The best way to build an agenda is not by collecting data.
But rather by using data to inform policy decisions.
And a new paper from Stanford University’s Institute for the Future lays out a new way to do this using data on political views.
The researchers call their approach a “post-post-truth” politics.
The idea is to understand the beliefs and biases that underlie public opinion in a way that is as useful to politicians as the data it captures.
The paper outlines how data-driven politics could help governments improve the quality of their public discourse.
And the key is to build in a degree of predictability that will make data more reliable than political parties.
To start, researchers looked at a large dataset that includes over 200,000 responses to a survey from the Center for American Progress (CAP), a progressive think tank.
The data is collected using a questionnaire that asks people whether they agree with each statement, including the phrase “climate change is real” or “climate science is settled.”
The CAP survey asks respondents to rate their overall impression of the climate system on a scale of 0 to 10, with 0 being the most negative and 10 being the least.
For instance, if a respondent said, “Climate change is a hoax,” that would give them a score of 5.
If they rated climate science as “settled,” that gives them a 7.
The score assigned to the statement is then averaged to get a score.
In addition, the survey asks whether respondents agree with statements like “It is impossible to know what the climate change is going to do,” “The science is clear,” “Climate science is not settled,” and “Scientists are uncertain about climate change.”
This score is then combined with the total number of responses, and then a weighted average of all the responses is used to score each statement.
The research team also found that a person’s opinion about climate science can change based on their own political views and political preferences.
When asked, “Do you agree with this statement about climate changes?,” people with a political ideology score of 0 gave a score that was higher than the average score of 2.5, while people with no ideology scored a score between 0 and 5.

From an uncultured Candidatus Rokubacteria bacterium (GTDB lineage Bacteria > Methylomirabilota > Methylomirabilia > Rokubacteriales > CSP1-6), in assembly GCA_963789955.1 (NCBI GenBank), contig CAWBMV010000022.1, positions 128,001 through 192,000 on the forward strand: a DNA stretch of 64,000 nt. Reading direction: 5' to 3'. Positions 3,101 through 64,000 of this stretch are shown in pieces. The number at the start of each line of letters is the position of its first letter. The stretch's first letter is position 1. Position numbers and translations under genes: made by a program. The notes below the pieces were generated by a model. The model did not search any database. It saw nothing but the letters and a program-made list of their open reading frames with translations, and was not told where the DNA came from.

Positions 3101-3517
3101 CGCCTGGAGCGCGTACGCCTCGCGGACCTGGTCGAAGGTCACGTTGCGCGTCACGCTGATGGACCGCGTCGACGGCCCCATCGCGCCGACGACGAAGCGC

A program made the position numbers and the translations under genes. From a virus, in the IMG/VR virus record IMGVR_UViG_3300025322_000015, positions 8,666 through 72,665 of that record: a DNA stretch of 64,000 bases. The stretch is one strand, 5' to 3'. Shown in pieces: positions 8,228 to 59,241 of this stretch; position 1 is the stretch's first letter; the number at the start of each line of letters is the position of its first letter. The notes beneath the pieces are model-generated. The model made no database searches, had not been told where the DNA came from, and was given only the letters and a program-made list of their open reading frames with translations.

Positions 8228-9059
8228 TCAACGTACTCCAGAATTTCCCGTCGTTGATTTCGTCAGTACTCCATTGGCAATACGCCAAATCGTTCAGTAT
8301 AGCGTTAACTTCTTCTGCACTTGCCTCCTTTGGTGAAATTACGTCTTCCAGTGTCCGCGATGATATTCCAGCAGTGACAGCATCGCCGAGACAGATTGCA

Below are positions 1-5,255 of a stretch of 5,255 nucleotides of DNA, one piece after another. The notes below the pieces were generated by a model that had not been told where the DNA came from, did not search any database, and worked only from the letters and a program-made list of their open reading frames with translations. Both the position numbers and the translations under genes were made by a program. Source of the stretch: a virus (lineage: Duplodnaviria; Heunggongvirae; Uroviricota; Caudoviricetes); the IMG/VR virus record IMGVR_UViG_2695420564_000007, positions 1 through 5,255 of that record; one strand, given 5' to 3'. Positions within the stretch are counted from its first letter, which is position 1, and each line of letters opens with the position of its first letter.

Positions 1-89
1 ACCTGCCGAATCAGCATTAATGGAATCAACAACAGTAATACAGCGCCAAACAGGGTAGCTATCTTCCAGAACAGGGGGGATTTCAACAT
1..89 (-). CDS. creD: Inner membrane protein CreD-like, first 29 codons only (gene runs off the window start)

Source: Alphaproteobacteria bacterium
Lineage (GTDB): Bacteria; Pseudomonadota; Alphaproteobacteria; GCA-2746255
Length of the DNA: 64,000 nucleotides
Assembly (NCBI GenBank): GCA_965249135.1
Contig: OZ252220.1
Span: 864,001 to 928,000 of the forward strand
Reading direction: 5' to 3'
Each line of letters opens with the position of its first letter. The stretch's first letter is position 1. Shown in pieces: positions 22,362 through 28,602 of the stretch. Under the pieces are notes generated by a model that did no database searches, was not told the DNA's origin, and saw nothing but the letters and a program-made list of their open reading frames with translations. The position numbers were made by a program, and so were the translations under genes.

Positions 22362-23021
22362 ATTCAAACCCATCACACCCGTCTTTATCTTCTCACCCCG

When the same person was asked, as the CAP survey question, “Would you say it is more likely that climate change caused by human activity is a natural phenomenon or is caused by a man-made source?” their answer changed.
For those who agree with that statement, their score jumped from 1.7 to 3.4, while for those who disagree with that position their score dropped from 1 to 1.6.
This suggests that if a person is undecided, they may be more likely to give a negative rating to a statement that they agree is not based in science.
But when asked if they agree or disagree with statements that say climate change will happen and that human activity caused it, the researchers found a similar trend.
This is consistent with the findings of several other studies.
For example, a 2016 study from the University of Toronto found that people who were more pessimistic about climate scientists tended to be more conservative in their politics.
This could also explain why some people who are skeptical about climate research tend to be liberals.
The study’s authors, David Landau and Yoni Freedhoff, found that climate-science deniers tended to have lower levels of education, more partisan views, and a higher score on a personality scale.
They also found a correlation between climate-denier ideology and conservative political ideology.
They concluded that climate skepticism was driven by “a combination of self-identification, the ideology that is associated with climate denial, and conservative beliefs.”
So it’s not surprising that climate science deniers are likely to be less concerned with the science and more likely the other side.
When it comes to policy, however, climate skepticism can make a big difference.
For the researchers, the study provides a clear example of how policy will affect people’s views of policy.
For every 100 people who agree that climate is a real phenomenon, there are one-third who disagree, and one-fifth who do not.
This finding could help policymakers make better decisions about policy.
And it’s clear that climate denial is a political phenomenon.
For policy-makers, the data from CAP’s survey suggests that it is important to understand how climate-skeptics view climate change.
Policymakers should consider the politics of the issue, the political environment that it creates, and the way climate-disbelievers engage with policymakers.
This means policymakers need to build more robust data on the political views of climate deniers.
And as the researchers conclude, “A more robust understanding of the politics and motivations of climate-change deniers will help policymakers build policies that are more responsive to the public’s preferences.”